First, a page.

The first album I ever bought with my own money was Neil Diamond Gold. I was 7 and found it on a flea market table for $2.
When I saw those blurred images of Neil on the cover, burning up the mic like a flickering flame, I was drawn to it. (Plus, Sweet Caroline was on there. So it had to be good.)
I rushed home to put it on the turntable, and that’s when I discovered the real gold beneath the flashy record jacket.
This was a live album, recorded at the Troubadour in LA in 1970, and Neil Diamond’s rich, raw vocals jumped off the vinyl, particularly on hard-driving songs like Holly Holy and Cherry, Cherry. As Thank the Lord for the Nighttime and Brother Love’s Traveling Salvation Show blared out of the speakers in my basement, I imagined my 7-year-old self at one of Neil’s rock ‘n’ roll revivals.
Digital Access For Only $0.99
For the most comprehensive local coverage, subscribe today.
In the 40-plus years since, I’ve never seen him perform live. Never really felt the need. It would be hard to top Gold.
But when our vacationing music critic asked me, the resident middle-aged guy, if I wanted to review Thursday’s show in Dallas, I couldn’t resist the temptation to be in the presence of the 74-year-old version of Neil -- the icon who has sold 125 million albums, but who has also become an undeserving punchline for rock snobs and hipsters who don’t know any better.
Funny how time and pointless snark try to tear down your heroes.
But the 2015 edition of Neil Diamond, I am happy to report, delivers on all the promises of yesteryear. His vocals are pure and powerful, as if they’d been cryogenically preserved. His stage presence is warm, charismatic and comfortable. There were times Thursday it felt as if he’d invited 18,000 of his closest friends into his living room.
He joked about how performing made him “feel 70 again,” proudly stroking his beard streaked with silver. And in between songs, he’d pause and reach out toward the audience, trying to touch the kind of adulation only a 74-year-old rock star could truly appreciate.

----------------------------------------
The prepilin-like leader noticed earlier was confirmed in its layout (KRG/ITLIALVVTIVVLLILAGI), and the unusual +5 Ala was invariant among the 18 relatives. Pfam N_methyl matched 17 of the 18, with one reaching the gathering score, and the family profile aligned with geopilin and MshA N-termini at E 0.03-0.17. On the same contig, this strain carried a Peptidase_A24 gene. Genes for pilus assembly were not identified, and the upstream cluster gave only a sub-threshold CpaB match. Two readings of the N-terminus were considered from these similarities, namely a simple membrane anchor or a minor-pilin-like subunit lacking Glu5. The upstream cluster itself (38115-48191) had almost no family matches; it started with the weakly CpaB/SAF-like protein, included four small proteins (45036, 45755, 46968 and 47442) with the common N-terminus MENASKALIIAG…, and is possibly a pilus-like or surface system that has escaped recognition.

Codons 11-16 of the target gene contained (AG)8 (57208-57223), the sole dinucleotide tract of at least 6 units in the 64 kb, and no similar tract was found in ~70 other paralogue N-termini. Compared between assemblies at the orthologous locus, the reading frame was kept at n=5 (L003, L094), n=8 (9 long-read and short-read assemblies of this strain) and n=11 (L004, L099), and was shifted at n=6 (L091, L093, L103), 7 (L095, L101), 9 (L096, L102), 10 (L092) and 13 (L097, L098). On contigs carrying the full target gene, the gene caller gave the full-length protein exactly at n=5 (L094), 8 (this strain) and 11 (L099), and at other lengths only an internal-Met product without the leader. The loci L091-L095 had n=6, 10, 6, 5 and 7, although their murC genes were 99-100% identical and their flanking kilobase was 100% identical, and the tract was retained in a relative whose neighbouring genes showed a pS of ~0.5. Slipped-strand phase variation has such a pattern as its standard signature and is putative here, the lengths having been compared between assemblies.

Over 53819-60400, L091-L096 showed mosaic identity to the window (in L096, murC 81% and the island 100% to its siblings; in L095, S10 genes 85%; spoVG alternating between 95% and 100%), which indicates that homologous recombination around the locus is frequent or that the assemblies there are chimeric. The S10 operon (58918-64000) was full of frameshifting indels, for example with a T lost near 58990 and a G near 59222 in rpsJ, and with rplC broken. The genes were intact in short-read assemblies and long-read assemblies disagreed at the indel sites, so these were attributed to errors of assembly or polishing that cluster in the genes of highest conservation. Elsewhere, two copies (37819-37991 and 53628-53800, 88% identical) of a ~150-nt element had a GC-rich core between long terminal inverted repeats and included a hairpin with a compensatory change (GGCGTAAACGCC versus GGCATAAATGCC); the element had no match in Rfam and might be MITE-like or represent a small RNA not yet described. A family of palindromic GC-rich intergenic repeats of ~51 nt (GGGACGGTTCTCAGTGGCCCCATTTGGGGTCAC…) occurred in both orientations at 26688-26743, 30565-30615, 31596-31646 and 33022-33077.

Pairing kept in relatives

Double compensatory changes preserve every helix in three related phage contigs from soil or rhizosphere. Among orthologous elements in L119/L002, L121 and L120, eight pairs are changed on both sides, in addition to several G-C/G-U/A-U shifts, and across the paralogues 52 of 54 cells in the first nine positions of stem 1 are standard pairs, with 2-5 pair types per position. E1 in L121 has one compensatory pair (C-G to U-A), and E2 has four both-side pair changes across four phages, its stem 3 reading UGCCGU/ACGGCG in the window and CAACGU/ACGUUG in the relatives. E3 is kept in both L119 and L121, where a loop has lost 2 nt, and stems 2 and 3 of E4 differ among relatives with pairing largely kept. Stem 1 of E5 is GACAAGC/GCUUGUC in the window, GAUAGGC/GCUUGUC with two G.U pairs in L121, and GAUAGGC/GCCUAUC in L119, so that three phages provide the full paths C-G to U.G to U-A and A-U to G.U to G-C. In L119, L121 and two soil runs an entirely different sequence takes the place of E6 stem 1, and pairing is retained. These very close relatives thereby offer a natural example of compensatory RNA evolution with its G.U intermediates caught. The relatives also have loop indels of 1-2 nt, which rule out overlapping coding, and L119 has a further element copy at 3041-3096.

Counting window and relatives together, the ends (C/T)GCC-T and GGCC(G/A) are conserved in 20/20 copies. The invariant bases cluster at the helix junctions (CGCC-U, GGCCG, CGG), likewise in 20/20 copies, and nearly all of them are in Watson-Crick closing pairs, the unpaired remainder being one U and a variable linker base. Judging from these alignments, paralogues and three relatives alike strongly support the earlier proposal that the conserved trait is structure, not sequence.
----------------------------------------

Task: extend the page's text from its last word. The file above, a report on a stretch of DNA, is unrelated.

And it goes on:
Now, I must admit, that before Neil strutted onto the stage for his tight, two-hour set at American Airlines Center, there were a few warning signs that the shmaltz factor could be high. A neon Neil “diamond” backdrop screamed Vegas revue, and so did the fans in gold and blue sequined shirts. The overture of his hits didn’t help, either, but when Diamond, looking 65 at most, launched into a sharp-edged version of I’m a Believer, it was a quick reminder that his roots are as a rock ’n’ roller and a songwriter. Many of his first songs were recorded by high-profile acts like The Monkees until he broke through as a performer.
And throughout the night, he showcased his varied writing styles -- from rock (Kentucky Woman) to gospel (Holly Holy) to calypso (Pretty Amazing Grace) to ballads and beyond.
Backed by a bravura 13-piece band, which included several proud Texans and former Elvis Presley drummer Ronnie Tutt from Dallas, Diamond gave his baritone an early workout with the aching ballads Love on the Rocks and Hello Again. Play Me was another poignant heartbreaker. And when he took a seat on stage to introduce some of his father’s home movies as a minidoc on his golden years growing up on Brooklyn Roads, the pathos was piling up.
But the master showmen never let the mood swing too far in one direction, always spicing in upbeat tunes like You Got to Me and Red, Red Wine (yes, he wrote that one, too.) Or the randy Forever in Blue Jeans.
When he ramped things up further with the barnburning Cherry, Cherry, the Baby Boomers were out of their seats, swaying to the beat. He closed with rousing renditions of Holly Holy and I Am, I Said, and we couldn’t help but sing along. Diamond punctuated each open space with his signature, raspy “Yeahhhh,” and it felt like 1972 again.
His encore lineup was like chum to a school of hungry sharks: crowd pleasers Cracklin' Rosie, Heartlight and Brother Love's Traveling Salvation Show were punctuated by the anthemic Sweet Caroline and America.
No matter how many times I hear those songs, in baseball stadiums or on TV commercials, it doesn’t really diminish their quality. I know not everyone agrees with that notion, but there’s a reason these songs have stood the test of time, and brought people together in times of joy and sorrow. They are pure gold.
The same can still be said of Neil Diamond.